The Francis Report



Described as the worst UK hospital scandal of recent years, up to 1,200 patients were estimated to have died as a result of poor care at Stafford hospital.

The £13 million Francis inquiry concluded this month and made 290 recommendations which will impact everyone working in healthcare. Here’s our briefing on what it means for junior doctors.

The scandal

The ‘Mid Staffs scandal’, as it has been referred to in the press, happened between 2005 and 2009 at Stafford Hospital – part of the Mid Staffordshire NHS Hospital Trust. Francis in his inquiry said that the trust’s pursuit of foundation status was one of the initiators for poor care. The drive to achieve this status led to ruthless targets and financial cuts which compromised safety.

The regulator, the Healthcare Commission, became alerted to the death rates which were abnormally high compared to other organisations. They identified a number of safety issues but progress was slow as the hospital dismissed some of the concerns as simply ‘coding errors’ and not safety issues.

A number of inquiries followed with each subsequent one discovering more shocking facts about levels of care at Stafford Hospital. Public outrage grew and a pressure group was formed to discover the truth. It called on the then Labour government for a full public inquiry.

In 2010 the new health secretary, Andrew Lansley, commissioned Robert Francis QC to conduct a formal public inquiry. Francis was a barrister and had worked on other NHS scandals – including the Bristol Royal Infirmary Inquiry into cardiac surgery in babies.

The inquiry

Francis initially planned to present the results of his inquiry in early 2011 but the scale of the problem at Mid-Staffs meant that it became a number of smaller inquiries.

The final report published this month was the fifth such inquiry.

The ‘Francis Report’ was finally published on 6 February 2013 and based on evidence from over 900 patients and families. It ran to 1,781 pages in total and this was a summary of over a million pages of evidence recorded during proceedings. In total the inquiry cost £13 million.

Speaking at the publication of his final report, Robert Francis QC said:

“I heard so many stories of shocking care. These patients were not simply numbers they were husbands, wives, sons, daughters, fathers, mothers, grandparents.”

“They were people who entered Stafford Hospital and rightly expected to be well cared for and treated. Instead, many suffered horrific experiences that will haunt them and their loved ones for the rest of their lives.”

Key points

The Francis Inquiry stated that problems at the Mid-Staffordshire NHS Trust begin in 2006 when it was required to make a £10 million saving in order to achieve Foundation Trust status. This goal was only possible through cutting staffing levels further and using healthcare assistants instead of nurses.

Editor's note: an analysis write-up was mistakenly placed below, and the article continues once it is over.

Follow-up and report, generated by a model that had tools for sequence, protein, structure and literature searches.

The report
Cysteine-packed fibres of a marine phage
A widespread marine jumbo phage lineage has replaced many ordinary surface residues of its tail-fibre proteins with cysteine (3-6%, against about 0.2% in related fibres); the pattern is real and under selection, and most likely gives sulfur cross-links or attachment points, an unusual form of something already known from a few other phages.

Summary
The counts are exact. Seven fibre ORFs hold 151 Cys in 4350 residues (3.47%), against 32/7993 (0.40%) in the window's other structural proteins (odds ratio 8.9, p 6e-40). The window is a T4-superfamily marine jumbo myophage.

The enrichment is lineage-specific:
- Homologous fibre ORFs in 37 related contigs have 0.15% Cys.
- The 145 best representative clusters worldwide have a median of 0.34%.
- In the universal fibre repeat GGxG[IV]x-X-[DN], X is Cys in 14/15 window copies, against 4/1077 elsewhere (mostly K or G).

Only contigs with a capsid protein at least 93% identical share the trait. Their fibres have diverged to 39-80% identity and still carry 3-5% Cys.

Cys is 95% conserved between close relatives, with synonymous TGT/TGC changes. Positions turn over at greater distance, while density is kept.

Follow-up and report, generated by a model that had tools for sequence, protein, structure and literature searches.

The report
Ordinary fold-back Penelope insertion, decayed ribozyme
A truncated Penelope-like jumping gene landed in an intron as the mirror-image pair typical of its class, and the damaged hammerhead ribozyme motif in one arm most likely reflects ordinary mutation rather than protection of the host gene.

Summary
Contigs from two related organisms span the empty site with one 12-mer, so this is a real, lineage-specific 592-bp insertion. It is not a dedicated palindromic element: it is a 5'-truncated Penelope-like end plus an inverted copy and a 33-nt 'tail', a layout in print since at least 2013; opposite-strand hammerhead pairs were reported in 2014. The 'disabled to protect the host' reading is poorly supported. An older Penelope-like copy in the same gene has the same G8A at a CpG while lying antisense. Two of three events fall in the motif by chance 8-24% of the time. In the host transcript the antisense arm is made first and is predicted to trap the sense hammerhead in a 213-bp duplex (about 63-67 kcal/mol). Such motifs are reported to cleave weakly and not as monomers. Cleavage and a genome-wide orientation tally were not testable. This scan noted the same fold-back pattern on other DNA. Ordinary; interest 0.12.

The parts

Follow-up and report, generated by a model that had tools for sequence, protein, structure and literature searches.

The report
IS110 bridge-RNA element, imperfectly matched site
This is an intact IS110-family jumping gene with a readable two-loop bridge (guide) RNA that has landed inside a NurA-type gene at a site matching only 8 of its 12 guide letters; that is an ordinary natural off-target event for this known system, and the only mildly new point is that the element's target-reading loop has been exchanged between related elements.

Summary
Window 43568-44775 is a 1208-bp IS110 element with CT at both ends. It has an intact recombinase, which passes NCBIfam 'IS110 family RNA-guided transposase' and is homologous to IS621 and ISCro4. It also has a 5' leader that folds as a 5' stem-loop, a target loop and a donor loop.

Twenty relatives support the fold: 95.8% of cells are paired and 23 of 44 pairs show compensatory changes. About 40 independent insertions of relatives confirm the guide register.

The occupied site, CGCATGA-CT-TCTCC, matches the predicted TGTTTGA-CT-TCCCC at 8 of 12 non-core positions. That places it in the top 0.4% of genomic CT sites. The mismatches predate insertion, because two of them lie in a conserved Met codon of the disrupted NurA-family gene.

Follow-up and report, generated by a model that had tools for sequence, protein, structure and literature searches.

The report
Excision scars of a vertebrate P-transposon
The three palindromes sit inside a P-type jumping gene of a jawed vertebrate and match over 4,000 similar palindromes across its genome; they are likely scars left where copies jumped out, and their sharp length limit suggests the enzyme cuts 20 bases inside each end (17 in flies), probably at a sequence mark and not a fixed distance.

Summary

It also found evidence that this drive to save money also meant that the hospital wards were reconfigured in an untested way and concerns from staff about this new arrangement were neglected.

Some disturbing incidents were recorded:

  • Basic observations regularly went unrecorded
  • Calls for help to use the bathroom were ignored
  • Patients were left for hours in soiled sheets
  • Food and drinks were left out of reach
  • Family members were asked to help with feeding and personal hygiene
  • Patients went unwashed – sometimes for up to a month
  • Standards of ward cleanliness were extremely poor
  • The report also strongly criticised regulators at all levels of the NHS and said they had ‘failed’ in their duty.

Despite all the shocking findings Francis decided that Stafford Hospital should not be closed. He said that, while there is a lot of work required, the new management team has made a successful start. He additionally provided 15 specific recommendations for the Trust.

What does it mean for junior doctors?

The Francis Report will have wide ranging implications across the NHS but it will likely take many years to have an effect. There are three ways it may impact us as junior doctors:

1. Duty of candour: The report says that all healthcare organisations and staff must be open and honest with patients. This means information must not be hidden or withheld in order to protect individuals or the organisation. It also says that gagging clauses stopping staff from speaking out should be prohibited.

2. Training: Francis outlined some key recommendations for training of all healthcare professionals. He said that no-one should be working in the NHS without registration and called for stronger training in patient experience for nurses. For doctors, the GMC has already announced it will increase the role of quality and safety training in the undergraduate and postgraduate curriculum.

3. Complaints: Francis recommends that complaints to regulators on provision of care which have been upheld should be published on the NHS organisation’s website along with the response.

Further information

Mid Staffordshire NHS Foundation Trust Public Inquiry website –

Francis Inquiry – Lessons from Stafford –